The Abolition of the Slave Trade
One of the important anniversaries being marked in England this year is the bicentennial of the abolition of the slave trade. The slave trade was abolished with the enactment of the Abolition Act on March 25, 1807. One of the great names associated with the abolition of slavery in Britain is William Wilberforce (1759-1833), an evangelical Christian and member of Parliament for Yorkshire, who devoted his parliamentary career to the abolitionist cause. He gave his first speech against the slave trade in Parliament in May 1789, and introduced the first abolition bill in 1791. That first bill was defeated 163 to 88. Through the tireless efforts of Wilberforce and others, the tide slowly turned, and the Abolition Act finally passed on February 23, 1807, on a vote of 283 to 16. Wilberforce is buried in Westminster Abbey. His portrait (above) by Thomas Lawrence (1828) is in the National Portrait Gallery.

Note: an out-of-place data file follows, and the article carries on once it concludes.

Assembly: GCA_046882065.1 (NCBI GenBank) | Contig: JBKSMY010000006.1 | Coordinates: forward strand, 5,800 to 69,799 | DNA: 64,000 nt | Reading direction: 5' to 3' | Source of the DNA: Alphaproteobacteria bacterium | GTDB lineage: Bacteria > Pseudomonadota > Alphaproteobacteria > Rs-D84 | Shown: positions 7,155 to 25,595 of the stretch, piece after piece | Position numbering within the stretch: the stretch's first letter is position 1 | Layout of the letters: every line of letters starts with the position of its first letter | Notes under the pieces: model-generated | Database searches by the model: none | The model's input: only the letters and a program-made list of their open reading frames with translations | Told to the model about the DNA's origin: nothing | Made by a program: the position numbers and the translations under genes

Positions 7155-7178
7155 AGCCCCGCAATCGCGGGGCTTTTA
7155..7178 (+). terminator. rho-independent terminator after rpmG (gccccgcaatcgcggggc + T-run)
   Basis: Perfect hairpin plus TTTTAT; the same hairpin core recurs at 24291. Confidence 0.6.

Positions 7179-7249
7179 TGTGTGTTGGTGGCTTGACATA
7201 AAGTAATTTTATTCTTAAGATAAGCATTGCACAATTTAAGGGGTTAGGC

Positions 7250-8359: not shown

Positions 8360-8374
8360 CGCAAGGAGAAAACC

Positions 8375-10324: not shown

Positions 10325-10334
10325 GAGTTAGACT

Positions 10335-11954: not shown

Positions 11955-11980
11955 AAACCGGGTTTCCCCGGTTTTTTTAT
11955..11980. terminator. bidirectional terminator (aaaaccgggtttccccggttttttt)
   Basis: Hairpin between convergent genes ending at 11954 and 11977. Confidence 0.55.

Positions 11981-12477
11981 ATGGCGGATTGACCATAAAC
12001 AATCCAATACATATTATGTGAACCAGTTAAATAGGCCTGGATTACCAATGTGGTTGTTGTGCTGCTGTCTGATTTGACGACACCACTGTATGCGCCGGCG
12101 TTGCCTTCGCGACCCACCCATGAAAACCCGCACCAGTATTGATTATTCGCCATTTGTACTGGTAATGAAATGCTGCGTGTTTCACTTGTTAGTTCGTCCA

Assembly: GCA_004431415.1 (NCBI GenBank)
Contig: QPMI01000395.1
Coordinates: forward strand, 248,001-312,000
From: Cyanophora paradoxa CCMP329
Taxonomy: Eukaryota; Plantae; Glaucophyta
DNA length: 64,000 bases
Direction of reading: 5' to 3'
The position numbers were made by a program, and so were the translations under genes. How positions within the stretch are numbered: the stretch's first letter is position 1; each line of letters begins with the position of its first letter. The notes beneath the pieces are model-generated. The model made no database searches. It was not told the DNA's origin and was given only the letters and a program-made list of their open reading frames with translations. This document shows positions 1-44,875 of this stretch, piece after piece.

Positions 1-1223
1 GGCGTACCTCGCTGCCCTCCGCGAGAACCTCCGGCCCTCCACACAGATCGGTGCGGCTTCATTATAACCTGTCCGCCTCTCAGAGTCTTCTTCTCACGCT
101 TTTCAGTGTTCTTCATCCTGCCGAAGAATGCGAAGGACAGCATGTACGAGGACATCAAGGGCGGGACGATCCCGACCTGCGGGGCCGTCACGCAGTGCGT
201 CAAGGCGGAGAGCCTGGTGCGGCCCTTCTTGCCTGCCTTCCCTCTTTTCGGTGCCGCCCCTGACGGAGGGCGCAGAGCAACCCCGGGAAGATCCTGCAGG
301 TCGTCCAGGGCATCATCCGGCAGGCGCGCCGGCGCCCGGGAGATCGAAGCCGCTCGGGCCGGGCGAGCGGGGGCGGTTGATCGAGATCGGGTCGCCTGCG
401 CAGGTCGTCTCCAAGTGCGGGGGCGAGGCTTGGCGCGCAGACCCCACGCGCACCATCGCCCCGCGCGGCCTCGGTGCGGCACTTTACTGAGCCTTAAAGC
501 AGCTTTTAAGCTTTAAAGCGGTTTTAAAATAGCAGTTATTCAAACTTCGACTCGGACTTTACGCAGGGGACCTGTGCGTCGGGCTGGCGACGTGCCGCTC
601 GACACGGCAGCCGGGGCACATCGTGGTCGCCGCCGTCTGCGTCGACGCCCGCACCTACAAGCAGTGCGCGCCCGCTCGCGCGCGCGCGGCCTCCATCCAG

Recommended reading: Simon Schama, Rough Crossings: Britain, the Slaves, and the American Revolution (Ecco 2006). An excellent book about British abolitionism, focusing on the plight of the American ex-slaves (including some of George Washington's slaves from Mount Vernon) who escaped to the British side during the Revolutionary War. It follows the efforts of British abolitionist Granville Sharp (later taken up in Parliament by Wilberforce), and the fate of the former American slaves, who after the war were precariously settled first in Nova Scotia and then in Sierra Leone.